Marie Callender’s USO Kitchen Renovation Brings Comforts of Home to Troops in Germany

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Even the smallest things — like home-cooked meals — make a big difference when it comes to helping military families.

That’s why Marie Callender’s renovated the kitchen at the USO Warrior Center at Landstuhl Regional Medical Center in Germany, giving troops a spacious, state-of-the-art place to re-create the culinary comforts of home. In addition to featuring two ovens, the new kitchen is also equipped with more storage space and beverage coolers.

As part of its Comforts From Home Project, Marie Callender’s also brought its famous pot pies to wounded, ill, and injured troops at a special picnic at the USO Warrior Center.

You can watch videos of the USO kitchen renovation and behind the scene footage of Marie Callender’s picnic in Germany here.

But that’s not all.

Marie Callender’s also teamed up with Chef Robert Irvine and Gary Sinise to thank a hero in Hawaii and give him the homecoming he deserved. The event was showcased on Nov. 11 on Food Network, HGTV, DIY Network, Travel Channel, Great American Country and Cooking Channel’s special Veterans Day program, “A Hero’s Welcome.”

To top it all off, you can still support the Marie Callender’s Comforts From Home Project just by buying the products you already eat. Through Jan. 31, for every code* entered off specially marked packages at ComfortsFromHome.com, Marie Callender’s will donate 50 cents to USO2GO, a USO program that brings electronics, sports gear, books, games, and more to troops stationed in remote locations.

*For every entry by Jan. 31 of an 8-digit code found on participating products, Marie Callender’s will donate $.50 to the USO2GO program. Guaranteed minimum donation $100,000. Maximum donation $250,000. Limit five code entries per person/computer each day. Valid in U.S. Only.

–By Kate Vasko

Medal of Honor Recipient Rides Shotgun with Roush Fenway Racing’s Trevor Bayne at NASCAR Nationwide Series

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PHOENIX–With Veterans Day approaching, Rouch Fenway Racing and USO Arizona teamed up to kick off this year’s festivities with a roar.

Roush Fenway Racing driver Trevor Bayne, had two special additions on his No. 6 AdvoCare Ford Mustang at this weekend’s NASCAR Nationwide Series (NNS) event at Phoenix International Raceway to honor those who have served.

In addition to featuring the USO logo on the side and back of his vehicle, Bayne sported Medal of Honor recipient Fred Ferguson’s name on his passenger door. Bayne, who finished ninth in the race, also took a moment to give troops a shout before hitting the track this weekend.

In addition to meeting Bayne and seeing his name on the car, Ferguson, who received the Medal of Honor in 1969 for actions in Vietnam, was formally recognized at the pre-race driver’s meeting with a standing ovation.

Ferguson enjoyed VIP treatment throughout the day Saturday, thanks to Rouch Fenway Racing. He along with Air Force Maj. Gen. Michael  McGuire, USAA Executive Director Military Affinity and retired Marine Lt. Col. Bob Wiedower and other guests got an exclusive behind-the-scenes view of raceday action.

After 73 Years, USO Fort Drum Bids Farewell to Longtime Volunteer Mary Parry

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After 73 years, Mary Parry’s volunteer mission at the USO is officially complete.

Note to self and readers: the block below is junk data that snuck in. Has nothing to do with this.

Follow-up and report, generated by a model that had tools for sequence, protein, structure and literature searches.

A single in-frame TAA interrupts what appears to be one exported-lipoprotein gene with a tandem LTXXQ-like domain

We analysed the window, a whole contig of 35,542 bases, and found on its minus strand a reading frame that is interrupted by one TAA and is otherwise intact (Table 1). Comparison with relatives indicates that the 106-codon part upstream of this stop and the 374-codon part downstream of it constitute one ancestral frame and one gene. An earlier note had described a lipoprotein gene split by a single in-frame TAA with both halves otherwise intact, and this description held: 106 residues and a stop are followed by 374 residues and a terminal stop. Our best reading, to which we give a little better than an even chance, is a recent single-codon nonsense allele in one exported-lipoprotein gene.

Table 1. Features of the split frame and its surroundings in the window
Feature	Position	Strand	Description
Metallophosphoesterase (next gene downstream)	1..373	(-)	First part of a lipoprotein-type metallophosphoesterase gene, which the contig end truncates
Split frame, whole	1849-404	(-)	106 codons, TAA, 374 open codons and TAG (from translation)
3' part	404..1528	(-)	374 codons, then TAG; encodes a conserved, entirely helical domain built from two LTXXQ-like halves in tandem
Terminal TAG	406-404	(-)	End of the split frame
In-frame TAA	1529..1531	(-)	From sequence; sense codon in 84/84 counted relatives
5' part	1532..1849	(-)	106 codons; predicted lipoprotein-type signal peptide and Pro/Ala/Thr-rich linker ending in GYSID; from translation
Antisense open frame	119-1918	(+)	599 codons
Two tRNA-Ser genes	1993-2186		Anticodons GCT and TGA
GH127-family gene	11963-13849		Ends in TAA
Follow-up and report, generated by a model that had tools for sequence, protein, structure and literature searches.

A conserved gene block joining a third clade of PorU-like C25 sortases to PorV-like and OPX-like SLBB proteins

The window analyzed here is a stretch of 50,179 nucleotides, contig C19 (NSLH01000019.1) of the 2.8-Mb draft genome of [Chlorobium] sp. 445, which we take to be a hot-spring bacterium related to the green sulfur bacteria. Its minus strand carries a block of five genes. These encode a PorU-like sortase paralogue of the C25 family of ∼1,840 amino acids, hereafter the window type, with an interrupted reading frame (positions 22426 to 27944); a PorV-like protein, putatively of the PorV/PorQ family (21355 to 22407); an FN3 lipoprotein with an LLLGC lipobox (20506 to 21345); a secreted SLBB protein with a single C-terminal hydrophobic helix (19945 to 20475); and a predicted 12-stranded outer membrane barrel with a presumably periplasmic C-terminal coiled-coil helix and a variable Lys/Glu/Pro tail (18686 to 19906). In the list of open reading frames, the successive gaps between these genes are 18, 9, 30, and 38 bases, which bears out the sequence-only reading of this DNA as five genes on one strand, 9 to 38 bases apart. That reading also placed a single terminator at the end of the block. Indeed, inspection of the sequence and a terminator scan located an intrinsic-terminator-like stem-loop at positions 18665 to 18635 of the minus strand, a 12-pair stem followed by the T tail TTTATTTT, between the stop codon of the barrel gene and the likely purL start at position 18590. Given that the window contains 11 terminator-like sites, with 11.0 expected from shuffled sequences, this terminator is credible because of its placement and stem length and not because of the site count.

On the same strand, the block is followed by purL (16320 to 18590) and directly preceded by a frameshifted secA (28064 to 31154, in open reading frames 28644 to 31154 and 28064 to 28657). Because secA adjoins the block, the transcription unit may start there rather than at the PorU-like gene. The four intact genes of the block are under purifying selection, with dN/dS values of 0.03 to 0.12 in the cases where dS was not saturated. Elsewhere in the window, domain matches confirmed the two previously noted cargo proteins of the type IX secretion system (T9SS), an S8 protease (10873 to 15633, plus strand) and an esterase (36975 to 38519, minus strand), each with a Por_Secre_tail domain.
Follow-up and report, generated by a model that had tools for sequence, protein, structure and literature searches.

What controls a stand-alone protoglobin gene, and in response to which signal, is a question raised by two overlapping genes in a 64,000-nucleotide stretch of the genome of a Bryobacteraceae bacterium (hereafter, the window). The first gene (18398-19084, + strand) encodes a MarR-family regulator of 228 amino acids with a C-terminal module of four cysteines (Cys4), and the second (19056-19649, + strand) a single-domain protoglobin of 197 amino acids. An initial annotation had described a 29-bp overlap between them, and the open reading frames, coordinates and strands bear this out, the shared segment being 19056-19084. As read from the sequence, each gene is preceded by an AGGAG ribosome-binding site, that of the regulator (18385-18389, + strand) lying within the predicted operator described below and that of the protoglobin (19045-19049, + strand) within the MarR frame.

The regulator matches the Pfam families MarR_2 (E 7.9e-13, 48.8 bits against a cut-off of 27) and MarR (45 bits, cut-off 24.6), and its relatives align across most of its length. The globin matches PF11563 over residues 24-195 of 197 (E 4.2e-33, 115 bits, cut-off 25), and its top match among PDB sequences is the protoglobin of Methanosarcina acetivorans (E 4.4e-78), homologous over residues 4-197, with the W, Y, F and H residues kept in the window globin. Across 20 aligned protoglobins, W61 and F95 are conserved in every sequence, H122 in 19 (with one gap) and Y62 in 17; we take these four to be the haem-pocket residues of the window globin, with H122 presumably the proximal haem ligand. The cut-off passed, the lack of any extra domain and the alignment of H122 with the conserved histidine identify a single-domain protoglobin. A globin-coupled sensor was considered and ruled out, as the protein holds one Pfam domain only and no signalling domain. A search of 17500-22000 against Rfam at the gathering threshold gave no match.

Earlier this month, Parry, 91, moved to a retirement home in Ohio to be closer to her daughter, Barbara Miller, and will no longer be able to serve at the USO Fort Drum center in upstate New York.

The Geneva, New York, native, who has volunteered at many different USO centers, will be sorely missed.

“I think of Mary as a national treasure,” USO Fort Drum Director Karen Clark wrote in an email. “She started volunteering for the USO in 1941, worked at the Watertown Chamber for years, and volunteered with Rotary, the Salvation Army and Red Cross.”

Parry’s volunteer career at the USO began in 1941, just after she graduated high school.

As the American Profile reported in 2008:

Parry was 18 when she and her girlfriends signed up to help at a USO center housed in a former automobile showroom in her hometown of Geneva, N.Y. (pop. 13,617).

“The fellas were all joining the military,” she says. “So we thought, ‘Hey, we’ll go down there and dance. What else are we gonna do?’ Were we in for a rude awakening.”

[…] Over the decades, the jovial Parry has volunteered at several USO centers while living in various towns in the Northeast with her husband, Walter. In fact, when she moved to Watertown in 1959, Parry spotted a USO sign in a downtown window and soon she was running the place. When the building closed, she operated the organization out of her home, hosting cookouts for servicemen and sometimes taking in weary soldiers for the night to give them a small taste of home.

USO Fort Drum Director Karen Clark poses in front of a portrait of Mary Parry in 2008. The portrait still hangs in the USO Fort Drum center today. USO photo by Jason Cutshaw

Parry’s daughter, Barbara Miller, who’s father served in the Navy, says Parry loved every moment she spent volunteering for the USO and has many stories from her years of service.

“The USO was her life. It was totally her life,” Miller said.

Thank you, Mary Parry, for your decades of service to troops and their families.

Want to learn more about Marry Parry and her service? Check out this 2010 USO blog post about honoring Parry and thanking her for her service.

USO Tour Veteran Kellie Pickler Shares Why She’s Excited to Perform at the 2014 Gala

Seven-time USO tour veteran and recording artist Kellie Pickler took a break from her pre-Gala preparations to share why she is excited to perform at the 2014 USO Gala tonight.

“I’m honored to be here tonight and be a part of honoring our service men and women. It’s going to be a great night,” Pickler said.

The award-winning country music artist, who first gained fame as an “American Idol” contestant, has entertained more than 33,000 troops and military families while touring with the USO.